MSS #: MC 31
Processed by: Heather Robertson ('94), January 1994
Volume: 22.75 lin. ft.: 2 trunks, 1 roll, 1 oversize folder, 1 volume, 9 boxes [box #7 no longer used]
Additions of 2004 noted in Provenance.
Provenance: The Charles White Whittlesey Collection is a compilation of material from several different donors pertaining mainly to Whittlesey's career as a soldier in World War I. The bulk of the artifacts in the collection are believed to have come from Whittlesey's parents, Frank and Annie Whittlesey of Pittsfield, MA somewhere around 1924 or 1928. The letter from the German commanding officer requesting the surrender of Whittlesey's battalion was left to George McMurtry in Whittlesey's will. The letter, however, was donated to Williams College by Whittlesey's parents. The newspaper clippings and an autographed photograph of Whittlesey were given to the College in 1948 by W. Allan Newell (Williams Class of 1905), a classmate of Whittlesey's. The article from the National Service Magazine was a gift of the author, John Holman. The good-bye letter, which Whittlesey wrote to his close friend, J. Bayard Pruyn, from the S.S. Toloa, entered the Williams College Library in 1982 through Pruyn's brother-in-law, G. Dykeman Sterling. (At that time, it was recorded as New Misc. Mss., Box 1.1 Folder 28.) The letter from Whittlesey to the National Cyclopedia of American Biography arrived at the Archives in 1989, a gift of Dr. J. Brooks Hoffman. (It was accessioned then as 89- 076.) The remainder of the Collection comes from sources which are unknown at this time. It is likely that all or part of this collection was at one time stored in Thompson Memorial Chapel on the Williams College campus.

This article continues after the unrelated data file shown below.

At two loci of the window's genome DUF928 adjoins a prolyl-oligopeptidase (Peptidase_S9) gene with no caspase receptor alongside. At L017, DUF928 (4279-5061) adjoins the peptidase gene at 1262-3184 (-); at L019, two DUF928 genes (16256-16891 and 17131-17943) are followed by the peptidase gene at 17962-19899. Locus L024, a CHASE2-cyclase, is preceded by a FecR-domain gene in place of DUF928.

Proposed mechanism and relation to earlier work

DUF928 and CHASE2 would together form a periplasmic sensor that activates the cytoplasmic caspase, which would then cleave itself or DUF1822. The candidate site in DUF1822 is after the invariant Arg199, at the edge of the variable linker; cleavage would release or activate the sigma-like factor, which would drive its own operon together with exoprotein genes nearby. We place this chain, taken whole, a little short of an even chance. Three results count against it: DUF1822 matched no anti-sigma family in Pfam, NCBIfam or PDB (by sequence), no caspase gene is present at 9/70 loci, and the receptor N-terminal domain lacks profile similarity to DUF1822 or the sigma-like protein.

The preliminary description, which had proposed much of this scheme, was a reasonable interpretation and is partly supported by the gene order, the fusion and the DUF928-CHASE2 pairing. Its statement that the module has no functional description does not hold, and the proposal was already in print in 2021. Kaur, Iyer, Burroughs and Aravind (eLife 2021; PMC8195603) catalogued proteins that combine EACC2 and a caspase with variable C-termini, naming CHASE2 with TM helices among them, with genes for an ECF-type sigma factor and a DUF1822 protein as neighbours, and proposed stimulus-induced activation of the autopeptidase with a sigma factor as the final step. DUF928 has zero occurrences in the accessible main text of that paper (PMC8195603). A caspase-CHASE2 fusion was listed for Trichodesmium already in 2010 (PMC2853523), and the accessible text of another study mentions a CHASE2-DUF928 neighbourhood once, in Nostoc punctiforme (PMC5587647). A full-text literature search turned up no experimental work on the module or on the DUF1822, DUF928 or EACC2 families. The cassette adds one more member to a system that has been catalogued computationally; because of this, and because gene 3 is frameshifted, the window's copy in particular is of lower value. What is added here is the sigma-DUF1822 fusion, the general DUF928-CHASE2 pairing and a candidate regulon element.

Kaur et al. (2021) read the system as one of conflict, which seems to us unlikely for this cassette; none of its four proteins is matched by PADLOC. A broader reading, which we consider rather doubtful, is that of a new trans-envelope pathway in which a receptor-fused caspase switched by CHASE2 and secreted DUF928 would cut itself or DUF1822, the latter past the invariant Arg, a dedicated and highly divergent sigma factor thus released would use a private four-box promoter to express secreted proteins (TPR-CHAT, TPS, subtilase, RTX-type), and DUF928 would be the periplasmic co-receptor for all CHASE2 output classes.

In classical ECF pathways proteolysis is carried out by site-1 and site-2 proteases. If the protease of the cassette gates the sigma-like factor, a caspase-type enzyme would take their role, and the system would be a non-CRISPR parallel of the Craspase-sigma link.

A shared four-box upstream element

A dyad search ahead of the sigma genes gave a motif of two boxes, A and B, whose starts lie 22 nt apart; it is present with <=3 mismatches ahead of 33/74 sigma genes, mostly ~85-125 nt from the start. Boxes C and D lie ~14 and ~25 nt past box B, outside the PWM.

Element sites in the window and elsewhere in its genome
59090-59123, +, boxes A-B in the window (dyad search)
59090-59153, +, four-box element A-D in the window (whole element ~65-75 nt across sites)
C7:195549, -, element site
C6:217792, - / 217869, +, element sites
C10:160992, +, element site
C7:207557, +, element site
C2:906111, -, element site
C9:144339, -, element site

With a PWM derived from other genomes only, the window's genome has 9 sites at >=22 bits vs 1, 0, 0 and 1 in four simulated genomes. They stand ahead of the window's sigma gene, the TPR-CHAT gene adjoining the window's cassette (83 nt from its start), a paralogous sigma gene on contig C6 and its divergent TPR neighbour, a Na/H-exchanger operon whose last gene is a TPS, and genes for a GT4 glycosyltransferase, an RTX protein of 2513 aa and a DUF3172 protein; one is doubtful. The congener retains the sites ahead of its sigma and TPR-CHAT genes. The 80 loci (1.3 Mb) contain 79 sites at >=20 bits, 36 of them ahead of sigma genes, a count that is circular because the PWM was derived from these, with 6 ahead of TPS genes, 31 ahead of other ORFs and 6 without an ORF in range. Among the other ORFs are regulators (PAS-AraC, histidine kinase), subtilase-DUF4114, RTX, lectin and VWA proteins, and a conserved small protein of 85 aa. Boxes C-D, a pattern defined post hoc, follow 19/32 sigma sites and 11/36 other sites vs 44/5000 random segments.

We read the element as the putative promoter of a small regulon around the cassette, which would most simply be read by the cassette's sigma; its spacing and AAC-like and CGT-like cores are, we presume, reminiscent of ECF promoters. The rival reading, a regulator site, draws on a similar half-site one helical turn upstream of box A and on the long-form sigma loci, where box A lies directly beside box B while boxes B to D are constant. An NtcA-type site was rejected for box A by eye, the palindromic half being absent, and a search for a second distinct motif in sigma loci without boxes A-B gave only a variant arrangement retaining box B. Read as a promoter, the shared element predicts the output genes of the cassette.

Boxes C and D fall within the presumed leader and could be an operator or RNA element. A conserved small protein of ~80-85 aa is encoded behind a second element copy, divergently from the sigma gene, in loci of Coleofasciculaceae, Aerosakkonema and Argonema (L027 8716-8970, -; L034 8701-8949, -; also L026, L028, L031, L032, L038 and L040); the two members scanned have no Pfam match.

Whittlesey's Légion d'honneur medal was donated to the college archives Oct. 2004 along with his certificates of permission to practice law in the Southern District of New York, a charcoal sketch by S.J.Wray, and a photograph of a raised relief of Col. Whittlesey. The donor, Patricia Storey, is the daughter of Bayard Pruyn and godchild of Whittlesey.
Conservation: The artifacts in this collection, many of which were loose on the storage shelves and thus exposed to light and dust, were rearranged so as to fit into two trunks and various acidfree storage boxes. Some had begun to decay. These items were wrapped in unbleached muslin to protect other pieces stored nearby. Papers and photographs shelved with the artifacts were removed to the paper collection and placed in acidfree folders. A scrapbook found with the artifacts was also removed to the paper collection and acidfree paper was placed between its leaves. It was then placed in a book box to protect it from light and dust. Framed items were unframed and placed in regular and oversized folders. Finally, all deteriorating newspaper clippings were photocopied onto acidfree paper.
Copyright: Request for permission to publish material from the collection must be submitted in writing to the College Archivist.